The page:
In practical operation, normal precautions are taken to avoid unwanted reaction or modification of the substances employed. For example, care should preferably be taken to keep the organic phase, containing the diacid chloride or equivalent intermediate as dry as possible and in isolation from the atmosphere, to avoid hydrolysis. When the aqueous phase to be encapsualted is first distributed as droplets in a body of organic solvent, the diacid chloride is thereafter added in a further quantity of such solvent. This lastmentioned solution of the acid chloride should also, of course, be kept as dry as possible until actual addition and reaction.
In some cases, when dispersion is employed to distribute the aqueous droplets Within the organic liquid, the agitation employed to establish that dispersion, can be reduced, indeed markedly, as and after the second, complementary intermediate is added to the organic liquid continuous phase, such reduction of agitation being of advantage to avoid any tendency toward rupture of the capsules as they form. At this stage of the process after the droplets have been established by dispersion, a chief requirement may simply be for good circulation to effectuate reaction with little or no agitation, but conditions may nevertheless warrant maintaining significant agitation as and after the second intermediate or reactant is added, for instance to maintain suspension of the finely divided solid agent in the continuous phase liquid, and in a number of cases satisfactory results have been achieved Where the same moderately strong degree of agitation (used to produce the dispersion of droplets) is continued throughout the process. A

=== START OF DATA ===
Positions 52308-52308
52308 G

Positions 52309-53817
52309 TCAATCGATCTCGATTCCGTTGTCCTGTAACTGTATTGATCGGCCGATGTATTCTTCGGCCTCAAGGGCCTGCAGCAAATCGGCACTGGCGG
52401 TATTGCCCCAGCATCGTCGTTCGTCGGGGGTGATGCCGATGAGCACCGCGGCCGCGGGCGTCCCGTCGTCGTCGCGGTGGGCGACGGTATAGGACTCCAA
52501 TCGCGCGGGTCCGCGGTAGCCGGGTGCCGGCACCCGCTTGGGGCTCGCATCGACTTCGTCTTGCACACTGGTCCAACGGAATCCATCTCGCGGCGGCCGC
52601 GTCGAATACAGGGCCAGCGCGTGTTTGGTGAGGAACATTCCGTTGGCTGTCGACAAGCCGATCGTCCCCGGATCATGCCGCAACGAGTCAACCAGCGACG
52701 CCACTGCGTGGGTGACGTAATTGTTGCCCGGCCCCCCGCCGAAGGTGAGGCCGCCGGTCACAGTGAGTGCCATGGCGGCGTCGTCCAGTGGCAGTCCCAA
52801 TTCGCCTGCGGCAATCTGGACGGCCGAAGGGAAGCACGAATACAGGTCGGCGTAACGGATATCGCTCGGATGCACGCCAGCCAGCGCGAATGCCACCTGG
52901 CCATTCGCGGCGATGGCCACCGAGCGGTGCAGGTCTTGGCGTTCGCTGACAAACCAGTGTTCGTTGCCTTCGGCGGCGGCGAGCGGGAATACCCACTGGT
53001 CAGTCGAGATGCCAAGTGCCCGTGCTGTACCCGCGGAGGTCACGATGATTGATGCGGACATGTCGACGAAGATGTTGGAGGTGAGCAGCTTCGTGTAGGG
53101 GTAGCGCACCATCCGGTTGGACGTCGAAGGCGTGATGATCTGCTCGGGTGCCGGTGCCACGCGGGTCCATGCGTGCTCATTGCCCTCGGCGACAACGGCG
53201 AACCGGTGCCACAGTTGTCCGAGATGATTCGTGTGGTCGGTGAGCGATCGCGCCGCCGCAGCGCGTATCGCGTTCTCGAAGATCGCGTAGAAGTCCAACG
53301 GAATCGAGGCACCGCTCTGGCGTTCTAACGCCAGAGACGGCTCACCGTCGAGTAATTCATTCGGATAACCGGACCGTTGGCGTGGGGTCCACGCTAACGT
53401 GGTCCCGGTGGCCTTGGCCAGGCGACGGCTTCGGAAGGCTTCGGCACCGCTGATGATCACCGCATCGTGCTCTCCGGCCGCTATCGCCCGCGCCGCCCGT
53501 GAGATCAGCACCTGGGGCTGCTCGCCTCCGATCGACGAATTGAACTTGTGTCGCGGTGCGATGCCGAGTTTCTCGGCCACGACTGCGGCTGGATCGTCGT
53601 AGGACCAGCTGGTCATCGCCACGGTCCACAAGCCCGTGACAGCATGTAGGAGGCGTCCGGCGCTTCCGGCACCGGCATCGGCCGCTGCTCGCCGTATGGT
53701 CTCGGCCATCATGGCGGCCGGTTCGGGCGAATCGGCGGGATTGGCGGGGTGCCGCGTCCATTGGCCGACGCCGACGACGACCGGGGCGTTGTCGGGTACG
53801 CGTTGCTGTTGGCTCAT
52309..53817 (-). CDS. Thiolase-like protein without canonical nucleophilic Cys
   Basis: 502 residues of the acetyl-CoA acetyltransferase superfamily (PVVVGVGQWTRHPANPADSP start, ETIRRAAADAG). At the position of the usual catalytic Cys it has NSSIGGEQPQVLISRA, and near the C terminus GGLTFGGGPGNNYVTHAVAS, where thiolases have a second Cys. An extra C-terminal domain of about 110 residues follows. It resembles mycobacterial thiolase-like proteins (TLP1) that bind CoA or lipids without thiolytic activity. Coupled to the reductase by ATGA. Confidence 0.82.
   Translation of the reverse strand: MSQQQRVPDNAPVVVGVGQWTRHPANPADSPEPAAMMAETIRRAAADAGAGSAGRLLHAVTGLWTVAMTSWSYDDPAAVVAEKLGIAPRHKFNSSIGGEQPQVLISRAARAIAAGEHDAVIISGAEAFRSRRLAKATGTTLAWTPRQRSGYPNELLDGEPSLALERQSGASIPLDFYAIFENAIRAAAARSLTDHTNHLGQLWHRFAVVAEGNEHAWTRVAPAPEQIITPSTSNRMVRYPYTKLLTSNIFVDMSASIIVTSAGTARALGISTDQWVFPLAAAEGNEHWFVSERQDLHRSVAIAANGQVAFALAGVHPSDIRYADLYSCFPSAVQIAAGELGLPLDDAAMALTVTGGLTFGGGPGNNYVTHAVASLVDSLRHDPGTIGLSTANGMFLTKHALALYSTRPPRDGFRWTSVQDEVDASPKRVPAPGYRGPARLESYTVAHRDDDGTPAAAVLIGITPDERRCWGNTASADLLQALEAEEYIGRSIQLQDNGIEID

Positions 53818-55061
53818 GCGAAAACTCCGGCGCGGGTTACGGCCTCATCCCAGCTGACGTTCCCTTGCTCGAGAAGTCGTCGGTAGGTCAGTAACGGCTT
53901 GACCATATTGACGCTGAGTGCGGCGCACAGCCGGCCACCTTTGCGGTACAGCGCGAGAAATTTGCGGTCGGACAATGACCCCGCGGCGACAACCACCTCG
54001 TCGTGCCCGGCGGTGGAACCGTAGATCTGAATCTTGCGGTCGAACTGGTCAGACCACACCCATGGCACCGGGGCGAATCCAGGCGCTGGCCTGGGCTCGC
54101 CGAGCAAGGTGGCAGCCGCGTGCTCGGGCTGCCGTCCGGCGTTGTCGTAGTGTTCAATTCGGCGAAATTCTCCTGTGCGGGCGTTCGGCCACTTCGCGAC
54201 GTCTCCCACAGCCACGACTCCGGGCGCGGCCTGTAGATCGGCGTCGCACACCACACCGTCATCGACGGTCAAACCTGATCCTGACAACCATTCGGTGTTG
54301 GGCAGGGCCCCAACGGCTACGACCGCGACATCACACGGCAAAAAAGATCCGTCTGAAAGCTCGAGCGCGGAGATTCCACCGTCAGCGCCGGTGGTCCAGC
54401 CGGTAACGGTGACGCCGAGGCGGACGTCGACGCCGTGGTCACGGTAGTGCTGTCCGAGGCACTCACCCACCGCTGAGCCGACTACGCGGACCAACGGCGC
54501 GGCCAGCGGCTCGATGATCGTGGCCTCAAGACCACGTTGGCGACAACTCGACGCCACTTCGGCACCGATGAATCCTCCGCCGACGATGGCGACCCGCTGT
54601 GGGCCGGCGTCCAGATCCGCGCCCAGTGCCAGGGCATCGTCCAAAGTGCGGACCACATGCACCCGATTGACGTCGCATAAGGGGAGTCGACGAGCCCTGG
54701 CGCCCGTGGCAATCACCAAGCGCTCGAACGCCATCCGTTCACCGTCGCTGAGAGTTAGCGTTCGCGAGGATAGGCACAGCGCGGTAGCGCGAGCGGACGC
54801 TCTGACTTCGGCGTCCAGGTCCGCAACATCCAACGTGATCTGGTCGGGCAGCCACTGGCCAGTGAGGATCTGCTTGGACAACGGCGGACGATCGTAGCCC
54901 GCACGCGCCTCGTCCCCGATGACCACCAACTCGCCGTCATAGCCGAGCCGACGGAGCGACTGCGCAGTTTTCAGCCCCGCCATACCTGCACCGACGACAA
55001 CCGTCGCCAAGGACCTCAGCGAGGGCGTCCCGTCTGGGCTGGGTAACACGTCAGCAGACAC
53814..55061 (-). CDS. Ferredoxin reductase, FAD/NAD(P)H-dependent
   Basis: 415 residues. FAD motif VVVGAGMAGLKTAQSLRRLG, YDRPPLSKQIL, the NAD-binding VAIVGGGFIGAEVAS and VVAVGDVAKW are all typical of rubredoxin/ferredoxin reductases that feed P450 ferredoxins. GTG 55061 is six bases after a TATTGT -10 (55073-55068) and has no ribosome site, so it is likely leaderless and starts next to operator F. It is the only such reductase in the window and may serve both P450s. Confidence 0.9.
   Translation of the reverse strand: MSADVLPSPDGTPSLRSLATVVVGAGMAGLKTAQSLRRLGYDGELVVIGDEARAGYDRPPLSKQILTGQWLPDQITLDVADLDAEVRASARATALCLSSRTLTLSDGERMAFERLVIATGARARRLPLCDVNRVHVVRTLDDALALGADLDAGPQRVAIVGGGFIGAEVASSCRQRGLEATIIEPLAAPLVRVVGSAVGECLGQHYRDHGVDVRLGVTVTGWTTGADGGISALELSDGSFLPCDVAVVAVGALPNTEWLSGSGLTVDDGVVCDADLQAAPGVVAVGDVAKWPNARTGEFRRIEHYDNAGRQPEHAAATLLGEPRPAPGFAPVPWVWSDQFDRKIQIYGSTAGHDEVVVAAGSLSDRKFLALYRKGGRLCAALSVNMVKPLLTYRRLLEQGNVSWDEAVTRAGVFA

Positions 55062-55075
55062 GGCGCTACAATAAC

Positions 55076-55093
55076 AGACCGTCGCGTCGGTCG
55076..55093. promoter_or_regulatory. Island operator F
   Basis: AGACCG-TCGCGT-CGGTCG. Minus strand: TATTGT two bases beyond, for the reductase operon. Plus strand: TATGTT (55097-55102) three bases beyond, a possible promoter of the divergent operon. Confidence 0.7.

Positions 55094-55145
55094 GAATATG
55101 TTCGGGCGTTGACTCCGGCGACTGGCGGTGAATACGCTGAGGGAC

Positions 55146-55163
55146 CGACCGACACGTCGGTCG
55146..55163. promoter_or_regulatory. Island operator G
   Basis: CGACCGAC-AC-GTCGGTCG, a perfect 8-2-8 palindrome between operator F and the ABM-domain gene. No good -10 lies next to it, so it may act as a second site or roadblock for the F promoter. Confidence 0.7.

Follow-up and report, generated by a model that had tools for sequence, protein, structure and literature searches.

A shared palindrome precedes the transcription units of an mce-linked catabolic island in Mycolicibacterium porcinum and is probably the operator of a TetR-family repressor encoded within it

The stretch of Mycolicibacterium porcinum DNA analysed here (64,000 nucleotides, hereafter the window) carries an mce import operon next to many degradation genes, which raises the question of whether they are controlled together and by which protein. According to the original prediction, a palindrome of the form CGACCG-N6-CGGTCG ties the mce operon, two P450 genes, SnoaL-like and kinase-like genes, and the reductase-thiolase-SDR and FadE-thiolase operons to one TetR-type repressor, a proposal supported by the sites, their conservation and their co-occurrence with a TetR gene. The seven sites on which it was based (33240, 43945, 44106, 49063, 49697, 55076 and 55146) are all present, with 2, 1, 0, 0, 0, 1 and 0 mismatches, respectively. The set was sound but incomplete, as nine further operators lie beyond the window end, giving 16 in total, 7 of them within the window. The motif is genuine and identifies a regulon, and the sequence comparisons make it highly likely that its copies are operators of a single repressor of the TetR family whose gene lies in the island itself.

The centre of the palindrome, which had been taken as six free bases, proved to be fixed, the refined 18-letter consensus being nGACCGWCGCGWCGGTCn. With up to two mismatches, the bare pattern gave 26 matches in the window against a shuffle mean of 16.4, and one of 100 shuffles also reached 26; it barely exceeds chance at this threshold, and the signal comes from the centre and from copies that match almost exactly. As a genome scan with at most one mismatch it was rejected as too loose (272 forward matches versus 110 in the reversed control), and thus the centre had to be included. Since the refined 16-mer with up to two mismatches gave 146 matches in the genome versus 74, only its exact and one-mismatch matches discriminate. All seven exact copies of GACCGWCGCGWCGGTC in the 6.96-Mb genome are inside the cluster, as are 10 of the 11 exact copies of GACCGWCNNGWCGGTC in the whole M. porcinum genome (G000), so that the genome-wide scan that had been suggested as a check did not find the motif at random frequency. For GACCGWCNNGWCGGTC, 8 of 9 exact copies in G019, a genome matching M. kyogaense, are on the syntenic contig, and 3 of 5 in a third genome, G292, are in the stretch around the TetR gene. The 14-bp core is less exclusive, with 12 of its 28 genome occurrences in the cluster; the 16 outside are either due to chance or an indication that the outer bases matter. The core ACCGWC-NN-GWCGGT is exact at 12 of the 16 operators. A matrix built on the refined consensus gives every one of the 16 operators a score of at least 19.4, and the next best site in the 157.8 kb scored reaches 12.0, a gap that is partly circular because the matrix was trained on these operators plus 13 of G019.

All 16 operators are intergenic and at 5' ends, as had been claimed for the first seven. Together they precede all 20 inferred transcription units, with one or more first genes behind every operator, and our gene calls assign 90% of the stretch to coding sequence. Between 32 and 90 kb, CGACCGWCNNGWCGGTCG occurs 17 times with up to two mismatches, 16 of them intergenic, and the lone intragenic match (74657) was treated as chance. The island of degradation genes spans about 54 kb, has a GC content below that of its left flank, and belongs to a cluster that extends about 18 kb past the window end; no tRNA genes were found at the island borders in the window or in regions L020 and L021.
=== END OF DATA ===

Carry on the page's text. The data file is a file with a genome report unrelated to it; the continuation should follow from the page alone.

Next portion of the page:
While for the most part the condensations occur rapidly at room temperature, indeed essentially instantaneously, appropriate higher or lower temperatures may be employed if desirable for the selected reaction. Likewise, conventional cooperating reagents or additions for adjustment of alkalinity or other pH or like characteristics may be used, as for instance such substances as sodium hydroxide, sodium carbonate and sodium bicarbonate, variously utilized with amines and -o1s for the usual reasons known in connection with these condensation reactions.
Solid dispersing agents are chosen, in accordance with the invention, from among the class of what may be called colloidal solid dispersing agents, and choice of a particular agent will be dictated by the nature of the chosen organic continuous phase liquid, the nature of the chosen organic intermediates carried by the two phases, and the nature of the polymer formed therefrom. Thus the finely particulate solid agent will be chosen to be efficacious and compatible with the various substances which are brought together during the practice of the invention. That is to say, the agent will be chosen in the first instance to act as a protective agent for stabilizing the growing polymer layer on aqueous droplets in a specified organic liquid continuous phase, and will be further chosen to be compatible with the reactants and any other substances carried by either the organic or aqueous phases. Finally, since the colloidal particles of the agent must be large enough to form a layer, as defined, on the growing polymer surface without passage therethro'ugh, the agent will be selected with regard to the permeability of the forming polymer surface. This permeability may vary from polymer to polymer, and may to some extent also be affected by the nature of the organic phase liquid and reaction conditions. In general, cross-linked polymer surfaces will be less permeable, and this constitutes another advantage of cross-linking in the encapsulation by the present process.